Sebastian Ring
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Sebastian Ring

Motivation for the Restart After Corona

Sports Psychologist: The Right Motivation for the Restart After Corona

Whether a restart, a comeback or the way back - many terms describe what almost every athlete has experienced at least once: falling down and getting up again. How do you motivate yourself in a difficult times to get out of the crisis? Sports psychologist Dr. Heiko Ziemainz from the German Friedrich-Alexander University in Erlangen-Nuremberg explains how professional athletes prepare mentally for a successful comeback and gives tips on which strategies from professional sport also work in everyday and business life, especially now in the coronavirus crisis.

Objectives for a successful restart should meet five criteria: specific, measurable, adaptable, realistic and on time - SMART.
Objectives for a successful restart should meet five criteria: specific, measurable, adaptable, realistic and on time - SMART.

ISPO.com: When should athletes start to prepare for the restart after an injury?
Heiko Ziemeinz: First of all, it is nice when, for example, after a ligament injury in the knee, the diagnosis is so clear that the therapy plan and rehab have been determined. Then you can estimate when you can start playing sports again, if no complications occur. In consultation with coaches, physiotherapists and doctors, you set yourself certain goals for rehabilitation. Then there is light at the end of the tunnel. This makes it easier to maintain motivation in order to prepare consistently for the comeback. It also requires that you feel it is worthwhile. A 38-year-old district league footballer will think about the effort he has to make after a serious injury. You should ask yourself about the emotional value the sport has for you: Is it good for me? Do I feel joy? Then you can make the decision: Do I go through the effort or not?

What if the diagnosis is not so clear and the light at the end of the tunnel is missing for the time being?

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The SMART Method Helps out of the Low - Not Only in Sports

Are there strategies to motivate yourself over a longer period of time?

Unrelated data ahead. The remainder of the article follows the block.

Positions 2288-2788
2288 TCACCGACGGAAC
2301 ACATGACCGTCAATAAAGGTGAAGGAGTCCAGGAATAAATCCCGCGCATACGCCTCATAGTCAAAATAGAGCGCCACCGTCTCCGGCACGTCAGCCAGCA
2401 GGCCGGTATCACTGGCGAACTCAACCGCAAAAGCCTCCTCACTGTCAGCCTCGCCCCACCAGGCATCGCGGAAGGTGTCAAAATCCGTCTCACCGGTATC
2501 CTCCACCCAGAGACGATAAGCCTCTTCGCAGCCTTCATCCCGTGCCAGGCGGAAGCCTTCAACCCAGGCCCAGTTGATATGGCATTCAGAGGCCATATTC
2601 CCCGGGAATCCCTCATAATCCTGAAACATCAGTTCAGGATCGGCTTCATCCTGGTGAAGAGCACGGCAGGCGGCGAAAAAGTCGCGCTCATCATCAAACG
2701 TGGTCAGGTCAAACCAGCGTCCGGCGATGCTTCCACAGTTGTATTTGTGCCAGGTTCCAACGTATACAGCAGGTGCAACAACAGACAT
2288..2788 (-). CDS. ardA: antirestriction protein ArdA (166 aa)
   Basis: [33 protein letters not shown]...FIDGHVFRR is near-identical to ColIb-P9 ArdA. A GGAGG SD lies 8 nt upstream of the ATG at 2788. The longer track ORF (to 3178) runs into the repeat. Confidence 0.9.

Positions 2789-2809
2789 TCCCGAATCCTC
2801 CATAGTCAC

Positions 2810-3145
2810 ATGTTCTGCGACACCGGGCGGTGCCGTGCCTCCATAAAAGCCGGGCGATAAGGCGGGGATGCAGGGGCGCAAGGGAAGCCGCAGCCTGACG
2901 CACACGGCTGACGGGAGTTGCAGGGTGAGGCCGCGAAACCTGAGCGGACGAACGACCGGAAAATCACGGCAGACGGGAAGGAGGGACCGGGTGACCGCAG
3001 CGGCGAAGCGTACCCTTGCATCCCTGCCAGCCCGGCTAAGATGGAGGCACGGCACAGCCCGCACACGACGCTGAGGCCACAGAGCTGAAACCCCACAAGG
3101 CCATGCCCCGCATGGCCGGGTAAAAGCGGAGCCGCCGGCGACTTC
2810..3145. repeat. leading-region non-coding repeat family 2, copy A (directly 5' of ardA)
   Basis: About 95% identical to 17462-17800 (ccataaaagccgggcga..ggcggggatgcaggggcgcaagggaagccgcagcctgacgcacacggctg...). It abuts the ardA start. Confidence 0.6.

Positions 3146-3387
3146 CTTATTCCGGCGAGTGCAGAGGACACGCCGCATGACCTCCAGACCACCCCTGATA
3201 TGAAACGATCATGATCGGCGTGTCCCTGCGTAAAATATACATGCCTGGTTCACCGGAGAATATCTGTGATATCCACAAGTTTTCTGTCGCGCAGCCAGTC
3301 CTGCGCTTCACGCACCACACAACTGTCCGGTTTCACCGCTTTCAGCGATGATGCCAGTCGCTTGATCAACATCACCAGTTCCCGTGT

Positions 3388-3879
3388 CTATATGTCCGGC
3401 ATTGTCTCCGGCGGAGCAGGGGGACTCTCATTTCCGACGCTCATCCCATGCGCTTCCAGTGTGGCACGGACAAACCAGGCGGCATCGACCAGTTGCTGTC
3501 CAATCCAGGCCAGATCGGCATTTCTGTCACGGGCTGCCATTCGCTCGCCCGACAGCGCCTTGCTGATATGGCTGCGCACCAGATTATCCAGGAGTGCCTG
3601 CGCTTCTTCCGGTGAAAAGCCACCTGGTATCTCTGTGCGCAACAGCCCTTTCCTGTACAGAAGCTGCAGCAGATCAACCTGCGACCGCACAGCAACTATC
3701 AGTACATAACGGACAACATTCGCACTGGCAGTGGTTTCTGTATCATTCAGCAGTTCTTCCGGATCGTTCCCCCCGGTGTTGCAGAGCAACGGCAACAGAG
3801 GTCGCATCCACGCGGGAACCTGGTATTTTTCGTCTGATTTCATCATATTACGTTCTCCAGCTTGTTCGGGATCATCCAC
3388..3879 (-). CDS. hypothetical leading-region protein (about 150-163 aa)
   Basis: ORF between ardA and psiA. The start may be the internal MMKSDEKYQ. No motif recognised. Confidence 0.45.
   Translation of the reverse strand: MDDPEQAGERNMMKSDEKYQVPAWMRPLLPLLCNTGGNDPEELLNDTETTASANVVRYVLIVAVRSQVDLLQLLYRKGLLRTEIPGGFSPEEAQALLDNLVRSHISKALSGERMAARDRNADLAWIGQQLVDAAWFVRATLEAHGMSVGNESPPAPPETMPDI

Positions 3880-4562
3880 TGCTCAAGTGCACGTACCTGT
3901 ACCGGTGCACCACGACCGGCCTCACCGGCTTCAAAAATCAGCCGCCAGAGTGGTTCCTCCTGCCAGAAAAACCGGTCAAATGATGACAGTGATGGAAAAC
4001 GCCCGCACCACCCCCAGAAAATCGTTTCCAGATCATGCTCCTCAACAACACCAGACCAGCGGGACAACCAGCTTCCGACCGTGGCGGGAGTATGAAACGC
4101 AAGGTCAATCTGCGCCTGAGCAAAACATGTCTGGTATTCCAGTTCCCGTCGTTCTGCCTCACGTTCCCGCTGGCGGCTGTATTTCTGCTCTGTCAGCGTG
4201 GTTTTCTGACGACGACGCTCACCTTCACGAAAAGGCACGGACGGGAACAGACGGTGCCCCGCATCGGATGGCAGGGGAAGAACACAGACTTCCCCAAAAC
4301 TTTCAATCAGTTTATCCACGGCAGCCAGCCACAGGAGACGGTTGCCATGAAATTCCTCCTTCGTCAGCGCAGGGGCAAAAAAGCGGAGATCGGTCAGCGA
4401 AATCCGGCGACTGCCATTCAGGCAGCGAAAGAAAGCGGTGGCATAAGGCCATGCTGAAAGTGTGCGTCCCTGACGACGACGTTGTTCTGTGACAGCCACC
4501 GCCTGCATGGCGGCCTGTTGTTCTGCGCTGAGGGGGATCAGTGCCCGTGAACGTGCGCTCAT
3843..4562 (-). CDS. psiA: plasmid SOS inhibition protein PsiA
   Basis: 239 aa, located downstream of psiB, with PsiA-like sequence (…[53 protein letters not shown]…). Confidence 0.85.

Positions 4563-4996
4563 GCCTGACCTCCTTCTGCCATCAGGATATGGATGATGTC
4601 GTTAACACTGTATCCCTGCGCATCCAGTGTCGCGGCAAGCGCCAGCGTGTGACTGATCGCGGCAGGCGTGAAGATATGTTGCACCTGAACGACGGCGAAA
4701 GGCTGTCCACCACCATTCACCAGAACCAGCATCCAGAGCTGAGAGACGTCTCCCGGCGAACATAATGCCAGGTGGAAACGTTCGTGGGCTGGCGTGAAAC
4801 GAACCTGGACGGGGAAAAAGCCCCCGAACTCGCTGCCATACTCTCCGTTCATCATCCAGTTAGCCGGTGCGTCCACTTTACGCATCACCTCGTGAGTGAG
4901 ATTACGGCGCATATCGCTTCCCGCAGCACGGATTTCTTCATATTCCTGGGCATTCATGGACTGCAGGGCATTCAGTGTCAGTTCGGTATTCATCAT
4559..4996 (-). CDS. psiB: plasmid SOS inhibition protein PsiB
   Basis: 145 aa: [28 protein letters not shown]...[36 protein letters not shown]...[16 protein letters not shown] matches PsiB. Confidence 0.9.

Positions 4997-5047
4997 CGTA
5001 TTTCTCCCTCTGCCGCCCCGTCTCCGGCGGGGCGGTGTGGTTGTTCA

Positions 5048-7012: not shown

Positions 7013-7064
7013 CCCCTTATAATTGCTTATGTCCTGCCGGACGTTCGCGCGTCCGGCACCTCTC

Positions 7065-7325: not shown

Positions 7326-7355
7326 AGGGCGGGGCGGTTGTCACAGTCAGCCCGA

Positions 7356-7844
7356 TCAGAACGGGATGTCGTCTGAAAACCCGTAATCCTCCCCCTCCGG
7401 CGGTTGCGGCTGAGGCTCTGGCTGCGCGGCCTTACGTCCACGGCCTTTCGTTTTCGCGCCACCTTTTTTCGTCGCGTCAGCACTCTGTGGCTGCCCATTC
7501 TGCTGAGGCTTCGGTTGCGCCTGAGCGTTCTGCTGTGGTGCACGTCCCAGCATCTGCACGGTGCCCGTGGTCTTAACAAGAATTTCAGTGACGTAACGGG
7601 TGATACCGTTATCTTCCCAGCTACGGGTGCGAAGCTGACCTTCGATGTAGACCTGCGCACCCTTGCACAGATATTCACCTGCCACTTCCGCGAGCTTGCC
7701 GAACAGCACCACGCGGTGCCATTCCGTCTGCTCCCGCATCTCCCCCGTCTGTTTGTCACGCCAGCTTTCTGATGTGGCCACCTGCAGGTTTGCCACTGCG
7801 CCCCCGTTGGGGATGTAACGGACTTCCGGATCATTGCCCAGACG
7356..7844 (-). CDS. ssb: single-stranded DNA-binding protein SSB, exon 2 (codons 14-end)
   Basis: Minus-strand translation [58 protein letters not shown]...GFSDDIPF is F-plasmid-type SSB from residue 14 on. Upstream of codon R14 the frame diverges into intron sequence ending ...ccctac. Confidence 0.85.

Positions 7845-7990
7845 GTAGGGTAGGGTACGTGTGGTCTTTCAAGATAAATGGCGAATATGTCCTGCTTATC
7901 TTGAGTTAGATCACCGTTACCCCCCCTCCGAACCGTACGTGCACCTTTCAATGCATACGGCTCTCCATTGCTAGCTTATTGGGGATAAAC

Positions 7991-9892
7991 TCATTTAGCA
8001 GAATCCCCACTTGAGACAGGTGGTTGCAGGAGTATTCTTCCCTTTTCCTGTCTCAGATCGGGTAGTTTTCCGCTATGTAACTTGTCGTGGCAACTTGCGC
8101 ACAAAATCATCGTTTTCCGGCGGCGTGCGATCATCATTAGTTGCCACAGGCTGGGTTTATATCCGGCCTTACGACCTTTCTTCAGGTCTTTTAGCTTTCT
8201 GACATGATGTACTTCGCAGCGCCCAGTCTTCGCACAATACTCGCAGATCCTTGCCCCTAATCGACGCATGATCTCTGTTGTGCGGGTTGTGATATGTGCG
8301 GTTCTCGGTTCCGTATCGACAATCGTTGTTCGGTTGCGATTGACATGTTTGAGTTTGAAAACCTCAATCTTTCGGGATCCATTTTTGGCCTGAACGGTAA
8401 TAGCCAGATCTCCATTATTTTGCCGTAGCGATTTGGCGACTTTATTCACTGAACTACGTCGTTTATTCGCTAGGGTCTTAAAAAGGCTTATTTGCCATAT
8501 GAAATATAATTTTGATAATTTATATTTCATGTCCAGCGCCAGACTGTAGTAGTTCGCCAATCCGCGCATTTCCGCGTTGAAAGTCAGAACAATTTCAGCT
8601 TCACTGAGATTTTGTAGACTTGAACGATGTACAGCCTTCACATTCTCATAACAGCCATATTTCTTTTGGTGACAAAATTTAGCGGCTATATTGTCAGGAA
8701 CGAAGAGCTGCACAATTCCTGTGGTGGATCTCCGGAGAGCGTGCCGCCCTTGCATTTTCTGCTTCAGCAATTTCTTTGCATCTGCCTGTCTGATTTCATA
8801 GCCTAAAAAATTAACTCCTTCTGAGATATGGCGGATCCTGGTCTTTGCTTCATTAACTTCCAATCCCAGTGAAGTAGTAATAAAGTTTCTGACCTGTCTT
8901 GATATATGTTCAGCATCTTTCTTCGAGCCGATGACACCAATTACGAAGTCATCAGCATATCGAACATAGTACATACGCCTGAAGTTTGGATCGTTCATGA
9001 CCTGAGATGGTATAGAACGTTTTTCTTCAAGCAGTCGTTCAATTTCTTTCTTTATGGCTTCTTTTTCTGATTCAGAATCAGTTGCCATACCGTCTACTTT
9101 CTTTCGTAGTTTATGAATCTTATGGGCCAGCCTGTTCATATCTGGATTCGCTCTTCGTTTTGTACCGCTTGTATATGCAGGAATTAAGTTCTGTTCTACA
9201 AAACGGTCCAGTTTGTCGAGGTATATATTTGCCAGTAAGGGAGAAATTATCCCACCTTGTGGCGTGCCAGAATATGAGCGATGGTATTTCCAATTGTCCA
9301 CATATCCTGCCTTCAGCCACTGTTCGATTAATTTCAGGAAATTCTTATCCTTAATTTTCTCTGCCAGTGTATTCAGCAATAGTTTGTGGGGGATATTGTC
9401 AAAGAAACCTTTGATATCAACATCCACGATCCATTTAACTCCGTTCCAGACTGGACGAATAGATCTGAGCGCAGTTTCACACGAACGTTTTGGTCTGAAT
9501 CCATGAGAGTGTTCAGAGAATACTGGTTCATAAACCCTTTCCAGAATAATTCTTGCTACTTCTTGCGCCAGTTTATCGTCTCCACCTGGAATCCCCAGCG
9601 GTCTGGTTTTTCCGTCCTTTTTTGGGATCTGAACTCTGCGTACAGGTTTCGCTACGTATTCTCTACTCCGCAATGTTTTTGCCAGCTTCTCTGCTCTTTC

Yes, in motivational psychology you first define day X, when you are "ready to play" again, as they say in football. Then you fill the entire period with intermediate goals. The objectives should be set according to the "SMART" rule. That means first of all that the goal must be specific - for example, after a torn cruciate ligament, I would like to be able to bend my knee again by a certain amount of degrees on a certain date. Secondly, the target should be measurable, in our example this would be the angle of knee flexion. Thirdly, the target must be adjustable - something can always come up, for example an infection. Fourthly, the target must be realistic. After a torn cruciate ligament, for example, you cannot play football again after three months. And finally, it must be scheduled. So you need precisely defined periods of time until you have reached certain stages.

Sports psychologist Dr. Heiko Ziemainz from the German Friedrich-Alexander-University in Erlangen-Nuremberg.
Sports psychologist Dr. Heiko Ziemainz from the German Friedrich-Alexander-University in Erlangen-Nuremberg.

Preparation for Day X

What other methods are there besides SMART?
Many athletes illustrate the path to their return by recording a "Road to Comeback". The various intermediate goals and how to reach them can be the subject of visualization sessions until the actual comeback is demonstrated. Football players then imagine, for example, how they are replaced for the first time and play the first few minutes. This is very engaging for the athletes.

What happens then on Day X?
It is good to visualize these situations weeks in advance. You can also imagine certain inner dialogues which you will then say to yourself, for example: "Stay calm" or "Go into the first duel as if nothing had ever happened". If you play through things again and again beforehand and design the visualization in such a way that it is positive what is happening - then you are well prepared.

How do you deal with the fear of a new injury?
It goes in the same direction. You should always imagine that things are going well. Also you should counter-condition and in the moment of the injury you should put on another pattern that covers the original picture. You can also regain confidence through appropriate exercises in training.

What does the sports and outdoor industry look like after the Corona crisis? More than 100 high-level speakers discussed this at the ISPO Re.Start Days. Experience the conference for a fresh start now on demand.
Sebastian Ring
Author:
Sebastian Ring
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